Alec Brownscombe talks keys to the Leafs vs. Bruins series, series predictions on TSN1200

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toronto maple leafs boston bruins
Photo by Mark Blinch/NHLI via Getty Images

Maple Leafs Hot Stove’s Alec Brownscombe joined the Battle of the Atlantic on TSN1200 to preview the Toronto Maple Leafs vs. Boston Bruins series.


On how the teams stack up:

I don’t know if people fully realize that the Leafs were a much better offensive team at 5v5 through the regular season — significantly better from a goals and expected goals standpoint this season. Boston is bottom 10 at 5v5 in those categories.

For as much as the Lightning shot the lights out this year and did some incredible things offensively, the Leafs finished with the same number of 5v5 goals. Scoring depth wise, the Leafs have seven 20+ goal scorers… and that doesn’t include William Nylander who we all know is that kind of threat but just had an off and disjointed year. That also doesn’t include Nazem Kadri, who entered the year on the back of two consecutive 30+ goal seasons. Partially because of injuries but more because of the new role and a tough shooting percentage year, he didn’t get to 20.

The Bruins have 4 20+ goal scorers, six with 40+ points. The Leafs have 7 and 8 in those categories.

Of course, it’s important to keep in mind the game does change in the playoffs. That offense is more hard earned as all know. The space is less and the Leafs are not going to find as much off the rush as they do in the regular season. But they are a fantastic transition team and can attack in waves when they get you swimming upstream. Scoring depth wise, for me, the Leafs have a significant advantage entering this series.

The flip side of that is that they’re a worse team defensively at 5v5, and it goes without saying that Frederik Andersen has to be one of their best players in this series, but a lot of the difference in the standings was due to the fact that Boston had two good goaltenders and the Leafs had one, as well as the two power plays. If the whistles go away to an extent and the Leafs are as disciplined as they were in the regular season, those advantages are potentially negligible or at least significantly reduced in the playoffs.

On keys to the series:

Boston plays a shorter game and establishes a forecheck very well and tilts the ice on you. That lends itself more to what we consider traditional playoff hockey. The Leafs need to be able to engage and compete physically, and need to be able to sustain enough o-zone time and break cycles in their own zone. Certainly, they won’t be pushing Boston around, though, and that shouldn’t really be the gameplan.

So much of it from the Leafs perspective depends on their ability to diffuse that Boston forecheck, play fast on defense, and get the puck moving north into their forwards’ hands in order to bring out that skill and speed game and make Boston play the game at a pace that is uncomfortable for them.

I think a big reason why Leafs fans should have some real optimism going into the series is that we’re going to see what a d-core with all of Muzzin, Gardiner, Rielly, and Dermott looks like from the start of the series. We’ve barely seen it in the regular season due to injuries.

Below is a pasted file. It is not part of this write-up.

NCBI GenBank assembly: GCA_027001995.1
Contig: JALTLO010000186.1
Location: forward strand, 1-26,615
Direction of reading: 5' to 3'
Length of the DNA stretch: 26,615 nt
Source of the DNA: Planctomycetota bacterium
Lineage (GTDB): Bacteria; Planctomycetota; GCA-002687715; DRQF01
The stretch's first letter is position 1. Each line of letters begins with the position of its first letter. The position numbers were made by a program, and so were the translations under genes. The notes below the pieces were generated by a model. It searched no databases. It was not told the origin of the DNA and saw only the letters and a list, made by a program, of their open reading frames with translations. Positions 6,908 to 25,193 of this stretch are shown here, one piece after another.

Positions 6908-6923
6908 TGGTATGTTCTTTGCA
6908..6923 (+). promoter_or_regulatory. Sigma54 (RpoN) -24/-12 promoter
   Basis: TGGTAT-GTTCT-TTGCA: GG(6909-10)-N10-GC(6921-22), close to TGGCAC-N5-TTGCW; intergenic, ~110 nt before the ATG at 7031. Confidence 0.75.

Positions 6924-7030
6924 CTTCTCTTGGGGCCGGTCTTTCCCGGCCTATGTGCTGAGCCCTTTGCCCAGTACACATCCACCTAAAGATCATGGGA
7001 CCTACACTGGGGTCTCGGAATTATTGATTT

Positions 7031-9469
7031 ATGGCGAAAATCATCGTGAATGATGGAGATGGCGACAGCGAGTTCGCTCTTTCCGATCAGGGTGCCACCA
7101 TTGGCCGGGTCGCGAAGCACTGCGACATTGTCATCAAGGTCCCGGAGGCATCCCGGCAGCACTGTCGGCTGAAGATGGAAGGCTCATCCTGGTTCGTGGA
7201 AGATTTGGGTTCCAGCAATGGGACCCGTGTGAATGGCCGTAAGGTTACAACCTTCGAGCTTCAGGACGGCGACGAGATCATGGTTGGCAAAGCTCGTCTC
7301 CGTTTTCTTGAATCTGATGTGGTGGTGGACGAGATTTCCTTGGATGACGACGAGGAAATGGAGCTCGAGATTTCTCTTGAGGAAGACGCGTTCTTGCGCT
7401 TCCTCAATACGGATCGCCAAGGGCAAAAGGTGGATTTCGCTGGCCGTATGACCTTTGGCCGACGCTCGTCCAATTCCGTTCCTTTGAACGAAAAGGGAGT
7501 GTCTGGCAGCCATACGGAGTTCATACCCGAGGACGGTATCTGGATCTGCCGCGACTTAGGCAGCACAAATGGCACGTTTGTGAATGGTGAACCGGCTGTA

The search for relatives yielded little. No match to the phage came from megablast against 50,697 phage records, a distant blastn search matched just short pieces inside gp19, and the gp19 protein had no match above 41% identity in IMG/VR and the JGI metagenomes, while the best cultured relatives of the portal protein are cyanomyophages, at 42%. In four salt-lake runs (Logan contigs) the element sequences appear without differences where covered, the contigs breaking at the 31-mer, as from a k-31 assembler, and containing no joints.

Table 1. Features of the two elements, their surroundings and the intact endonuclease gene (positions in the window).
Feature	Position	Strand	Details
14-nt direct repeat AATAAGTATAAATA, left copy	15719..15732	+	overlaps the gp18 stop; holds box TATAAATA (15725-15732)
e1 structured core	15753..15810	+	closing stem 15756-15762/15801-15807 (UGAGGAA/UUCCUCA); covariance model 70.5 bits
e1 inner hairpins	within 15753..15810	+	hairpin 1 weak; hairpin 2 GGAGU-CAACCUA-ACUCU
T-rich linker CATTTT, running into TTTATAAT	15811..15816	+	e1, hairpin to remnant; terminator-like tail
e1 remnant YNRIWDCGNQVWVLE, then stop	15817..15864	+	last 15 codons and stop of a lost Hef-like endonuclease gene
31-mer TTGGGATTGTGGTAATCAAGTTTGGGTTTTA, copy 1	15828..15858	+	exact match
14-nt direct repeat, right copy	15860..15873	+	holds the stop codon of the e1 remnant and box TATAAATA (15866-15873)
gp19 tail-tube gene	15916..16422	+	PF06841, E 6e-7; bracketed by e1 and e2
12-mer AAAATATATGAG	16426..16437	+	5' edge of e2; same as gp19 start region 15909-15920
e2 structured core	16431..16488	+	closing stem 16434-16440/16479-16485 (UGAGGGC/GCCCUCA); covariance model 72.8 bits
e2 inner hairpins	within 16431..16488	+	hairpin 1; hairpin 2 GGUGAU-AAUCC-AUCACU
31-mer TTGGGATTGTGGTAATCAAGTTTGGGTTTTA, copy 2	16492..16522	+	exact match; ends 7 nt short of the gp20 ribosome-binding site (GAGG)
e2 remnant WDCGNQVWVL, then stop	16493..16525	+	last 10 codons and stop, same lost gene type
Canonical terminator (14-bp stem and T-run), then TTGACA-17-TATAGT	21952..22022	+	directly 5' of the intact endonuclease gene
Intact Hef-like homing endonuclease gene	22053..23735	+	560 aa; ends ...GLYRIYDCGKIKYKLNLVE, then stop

If the Leafs can get back on pucks quickly and get moving up and out of their own zone quickly, with D-men who can sort out the forecheck by creating time with their feet and making a good first-pass outlet, and I believe they have the puck movers back there to do it, they can sort of bring out that skill and speed more and play the game at their pace.

The worrisome part for me there is just that they still have Hainsey and Zaitsev on that right side and those two can definitely be exploited; you can draw up a gameplan to attack that side of the ice and force the puck up their side of the ice and it won’t come out of their own end as smoothly. But Hainsey’s been playing well lately to his credit, Dermott has a year more experience and is playing on the right, Rielly is playing like a Norris candidate, Muzzin can break up cycles and make a good first pass, and if Gardiner is healthy enough to do what he can do, that’s a much better group than they had last year.

Up front, there is also the Tavares factor now coming off a 47-goal season. Tavares is going head to head with Patrice Bergeron quite a bit and Auston Matthews and Nazem Kadri will be having an easier go of it of matchup wise in the wake he produces by taking on the heaviest matchup. It’s a huge difference versus last year. The Leafs have two elite centermen to match up against, and I like what I see from Matthews lately as far as how he’s taking over shifts and dominating the puck and playing physical on offense — it looks like he’s ramping up and may have a better understanding of what’s required now at this time of year. They also have an elite all-situations difference maker on the wing who has shown an ability to elevate at this time of year already in his career last year versus Boston.

If Kadri can elevate for the playoffs, and I do think he’s the type of player who despite a tough year is going to be there come Game 1, the Leafs’ third line with Kadri can be an X-factor and eat up the bottom-six lines of the Bruins.  The Leafs’ depth lines need to make sure they’re setting up their top matchups in the offensive zone and starting the Marchand line in the defensive zone by winning those battles more often than not.

On his series prediction:

Leafs in six. I know it sounds crazy.